“The only thing that counts is faith expressing itself through love.” (Paul)
It’s a cry heard all over parenting land.
BUT I took my prenatal vitamins and I did exactly what the doctor told me. Why does my baby have a heart defect?
BUT I waited until she was “ready” for potty training and I followed the exact steps that worked for all my friends. Why is my six year old still wetting the bed?
BUT I had him evaluated and got him a specialized tutor. Why is his teacher still telling me he’s not doing well in school?
BUT I gave up my job and made her a complete priority in my life, even leaving cute notes in her lunch. Why is she rolling her eyes at me and hardly ever coming outside of her room?
BUT I never had liquor in the house and he’s been through all the drug and alcohol awareness programs. He’s even seen his friends lose their licenses. Why did I just find vodka under my senior’s bed?
BUT I took her to church her whole life and we even had family devotions. Why did my college student just reveal that she doesn’t believe in God anymore?
BUT I paid for four years at a good college and I remember the dreams he had growing up about becoming a doctor. Why did he barely receive his diploma and can’t even find a steady-paying job?
BUT I TRIED MY BEST AND LOVED HER WITH MY WHOLE HEART, WHY IS SHE STILL NOT OKAY?
We want so desperately in our lives to have A + B always = C. We want the formulas to work. We get advice from all kinds of sources (friends, parenting books, the internet, pastors, counselors, doctors) and we cry in frustration “BUT I…” when the recipe ends up more like all those Pinterest fails we’ve seen on the internet (note the picture above).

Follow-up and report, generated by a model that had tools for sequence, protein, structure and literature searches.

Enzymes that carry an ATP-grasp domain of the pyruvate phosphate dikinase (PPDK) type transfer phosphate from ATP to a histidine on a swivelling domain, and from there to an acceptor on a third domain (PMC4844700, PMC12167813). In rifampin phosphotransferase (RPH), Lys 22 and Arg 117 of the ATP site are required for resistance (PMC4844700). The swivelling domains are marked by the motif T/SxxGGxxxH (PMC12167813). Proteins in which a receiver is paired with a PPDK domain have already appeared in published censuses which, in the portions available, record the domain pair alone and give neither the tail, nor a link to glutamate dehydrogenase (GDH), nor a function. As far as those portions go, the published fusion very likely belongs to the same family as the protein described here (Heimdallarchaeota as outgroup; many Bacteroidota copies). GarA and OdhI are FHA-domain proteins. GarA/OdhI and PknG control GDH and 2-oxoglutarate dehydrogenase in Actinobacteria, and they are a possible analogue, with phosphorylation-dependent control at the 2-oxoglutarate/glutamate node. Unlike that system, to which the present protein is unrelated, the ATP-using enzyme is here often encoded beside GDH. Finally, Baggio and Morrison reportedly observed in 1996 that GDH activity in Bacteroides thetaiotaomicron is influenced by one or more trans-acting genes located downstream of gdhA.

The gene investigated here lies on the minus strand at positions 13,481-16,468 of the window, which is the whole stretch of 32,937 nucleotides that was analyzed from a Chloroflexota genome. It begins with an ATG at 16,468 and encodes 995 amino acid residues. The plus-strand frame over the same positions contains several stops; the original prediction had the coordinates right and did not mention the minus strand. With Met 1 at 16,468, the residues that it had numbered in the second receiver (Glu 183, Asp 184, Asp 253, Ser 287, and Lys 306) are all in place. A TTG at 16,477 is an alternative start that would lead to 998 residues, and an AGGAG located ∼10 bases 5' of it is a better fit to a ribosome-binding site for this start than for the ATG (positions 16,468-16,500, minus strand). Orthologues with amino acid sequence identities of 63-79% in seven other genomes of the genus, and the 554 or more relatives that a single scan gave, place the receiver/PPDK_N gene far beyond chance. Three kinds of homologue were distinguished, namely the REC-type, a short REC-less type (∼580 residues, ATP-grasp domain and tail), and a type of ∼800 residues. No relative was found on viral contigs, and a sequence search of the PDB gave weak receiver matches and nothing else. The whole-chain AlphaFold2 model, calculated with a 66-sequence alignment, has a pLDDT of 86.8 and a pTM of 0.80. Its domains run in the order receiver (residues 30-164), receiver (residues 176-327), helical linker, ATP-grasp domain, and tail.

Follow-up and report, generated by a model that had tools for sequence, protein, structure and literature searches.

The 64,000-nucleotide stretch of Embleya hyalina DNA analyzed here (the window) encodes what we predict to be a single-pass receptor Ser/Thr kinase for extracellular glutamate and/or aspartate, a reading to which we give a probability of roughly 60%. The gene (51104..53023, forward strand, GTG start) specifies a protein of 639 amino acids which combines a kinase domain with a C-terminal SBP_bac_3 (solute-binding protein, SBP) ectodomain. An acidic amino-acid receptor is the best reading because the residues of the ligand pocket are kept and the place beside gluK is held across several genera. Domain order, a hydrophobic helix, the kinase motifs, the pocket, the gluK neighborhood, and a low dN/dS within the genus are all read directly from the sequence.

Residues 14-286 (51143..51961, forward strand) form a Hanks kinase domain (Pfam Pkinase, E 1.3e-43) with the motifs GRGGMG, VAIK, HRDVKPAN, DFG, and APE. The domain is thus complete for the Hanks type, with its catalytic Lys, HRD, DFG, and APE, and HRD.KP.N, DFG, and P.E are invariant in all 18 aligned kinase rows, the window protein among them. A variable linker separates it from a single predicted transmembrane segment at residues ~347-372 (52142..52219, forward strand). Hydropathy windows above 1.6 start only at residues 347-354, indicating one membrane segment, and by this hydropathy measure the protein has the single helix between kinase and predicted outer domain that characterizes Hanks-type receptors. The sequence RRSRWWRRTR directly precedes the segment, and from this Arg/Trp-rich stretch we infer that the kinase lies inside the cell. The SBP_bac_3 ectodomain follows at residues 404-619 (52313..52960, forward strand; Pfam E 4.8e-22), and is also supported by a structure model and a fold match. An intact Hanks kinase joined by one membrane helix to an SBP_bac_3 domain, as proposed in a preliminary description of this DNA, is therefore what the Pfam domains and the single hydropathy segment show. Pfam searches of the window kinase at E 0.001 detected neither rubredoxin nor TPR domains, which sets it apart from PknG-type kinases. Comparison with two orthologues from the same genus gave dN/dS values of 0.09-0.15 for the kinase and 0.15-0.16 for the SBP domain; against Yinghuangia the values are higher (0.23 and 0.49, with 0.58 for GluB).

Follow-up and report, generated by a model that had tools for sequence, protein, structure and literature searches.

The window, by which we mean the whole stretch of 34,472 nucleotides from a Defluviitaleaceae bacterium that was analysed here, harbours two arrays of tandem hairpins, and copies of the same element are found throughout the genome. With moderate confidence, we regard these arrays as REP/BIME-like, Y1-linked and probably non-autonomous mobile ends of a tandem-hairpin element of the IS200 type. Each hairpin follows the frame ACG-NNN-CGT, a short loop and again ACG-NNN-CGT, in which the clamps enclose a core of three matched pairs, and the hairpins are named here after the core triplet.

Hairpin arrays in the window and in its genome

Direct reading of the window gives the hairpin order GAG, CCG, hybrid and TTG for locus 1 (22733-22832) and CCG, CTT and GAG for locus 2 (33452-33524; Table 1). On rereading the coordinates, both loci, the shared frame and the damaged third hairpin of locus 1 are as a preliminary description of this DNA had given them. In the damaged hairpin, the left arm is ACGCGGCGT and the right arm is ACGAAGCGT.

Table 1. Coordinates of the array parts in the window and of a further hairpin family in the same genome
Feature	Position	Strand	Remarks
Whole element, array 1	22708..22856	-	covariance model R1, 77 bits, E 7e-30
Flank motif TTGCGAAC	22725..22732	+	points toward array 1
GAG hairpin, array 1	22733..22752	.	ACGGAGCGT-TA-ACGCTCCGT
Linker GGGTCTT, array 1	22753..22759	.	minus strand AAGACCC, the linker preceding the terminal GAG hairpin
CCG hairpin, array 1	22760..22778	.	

When I was just a wee bit younger (okay, like 30 years ago, but I’m not that old, right?!), I believed wholeheartedly in all the formulas, and especially that they would work. Why wouldn’t I? It’s perfect. Just do all right things, make all the right choices and life goes the way it should. I’d heard it from preachers, parents, teachers, friends, authors, and I’d repeated it endlessly in my own head. Being the “good Christian” woman that I was, I brought this into my parenting. Of course I did.
As you may have heard in my Podcast with Sarah, our oldest (CLICK HERE TO LISTEN – IT’S WORTH IT), these lovely formulas worked with her. She was naturally compliant. She loved the formulas herself. (If we were Catholic, she probably would have wanted to be a nun.) She followed all the rules, had sticker charts completely filled in, received accolades in school for being the best citizen, and excelled at “being a good Christian” whatever that means. Our formulas seemed to work (especially to the outside world).
But inside our home, they weren’t. She struggled with tummy aches even as early as three. She had full-blown Obsessive Compulsive Disorder at 10 years old. She struggled to go away to sleep away camp for a week when she was 14 because she couldn’t leave the perceived “safety” of our home. She needed meds for her anxiety in college. As much as she and I tried our hardest to make A + B = C, it just didn’t happen. The “right” side of the equal sign became D or J or V or most like a giant question mark.
WHY? I screamed in desperation. I was doing everything right!
Should I just try harder? Maybe I am doing something wrong? Maybe the equation isn’t right? All questions that swirled around in my head.
And believe me, I still tried to fix it for years. I read books, took parenting classes, listened to podcasts, asked friends, had mom prayer circles and even begged Allen to figure it out.
Still, I couldn’t make A + B = C.
New questions swirled. If this doesn’t work, then what? What do I do now? How do I parent? What really makes me a good mom (something I so desperately wanted and still want)?